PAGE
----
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To Repair With Gold

  • Author(s): McGehee, Mary Katherine
  • Advisor(s): Donnelly, Kyle
  • et al.
Abstract

There is a Japanese word, "kintsukuroi," meaning "to repair with gold; the understanding that the piece is more beautiful for having been broken." This definition signifies perhaps the most important lesson I have learned in my three years here as an actor.

Breaking is a crucial part of the acting process. Breaking apart, breaking down, breaking away--it all contributes to making those important discoveries on the way to opening night and beyond.

I had a director recently give me this note about my performance: "That is the way you should never perform it." I ended up in the bathroom, on the floor, mascara dripping, beating myself up over everything he believed I did wrong. Broken and breaking apart. So later, when I found I could wipe the tears away and smile, I approached the work with a new vigor and curiosity. I imagined how I might take the pieces that had fallen away and fashion them into something new. What was born from that could not be exactly what my director had envisioned, it never is, but it was a performance no one but myself could give, one from the deepest part of my being--and I took ownership of the beauty in its imperfections in a way I have never done before in my life.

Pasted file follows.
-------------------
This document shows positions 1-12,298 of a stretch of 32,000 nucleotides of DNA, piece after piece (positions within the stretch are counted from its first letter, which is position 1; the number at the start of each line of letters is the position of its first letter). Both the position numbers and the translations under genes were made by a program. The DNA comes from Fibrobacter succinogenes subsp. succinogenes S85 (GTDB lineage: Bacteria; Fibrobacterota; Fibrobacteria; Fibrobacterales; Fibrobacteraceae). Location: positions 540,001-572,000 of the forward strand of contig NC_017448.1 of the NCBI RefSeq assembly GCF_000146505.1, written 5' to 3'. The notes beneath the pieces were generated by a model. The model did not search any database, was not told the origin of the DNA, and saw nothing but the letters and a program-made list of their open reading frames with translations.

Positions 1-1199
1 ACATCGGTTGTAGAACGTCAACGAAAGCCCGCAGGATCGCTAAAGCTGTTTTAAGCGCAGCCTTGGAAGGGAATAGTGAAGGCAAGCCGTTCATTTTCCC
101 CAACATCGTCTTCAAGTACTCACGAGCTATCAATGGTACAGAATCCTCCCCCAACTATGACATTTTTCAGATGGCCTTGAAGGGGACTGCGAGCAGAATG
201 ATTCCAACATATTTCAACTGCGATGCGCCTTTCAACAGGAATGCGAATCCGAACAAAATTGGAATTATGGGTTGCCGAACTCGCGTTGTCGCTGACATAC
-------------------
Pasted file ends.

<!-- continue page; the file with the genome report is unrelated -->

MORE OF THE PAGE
As an actor, I must be willing to leap into the unknown. I understand I must be vulnerable and open to being broken apart. But, like Japanese pottery repaired with gold, I now know I will be more beautiful for having been broken.

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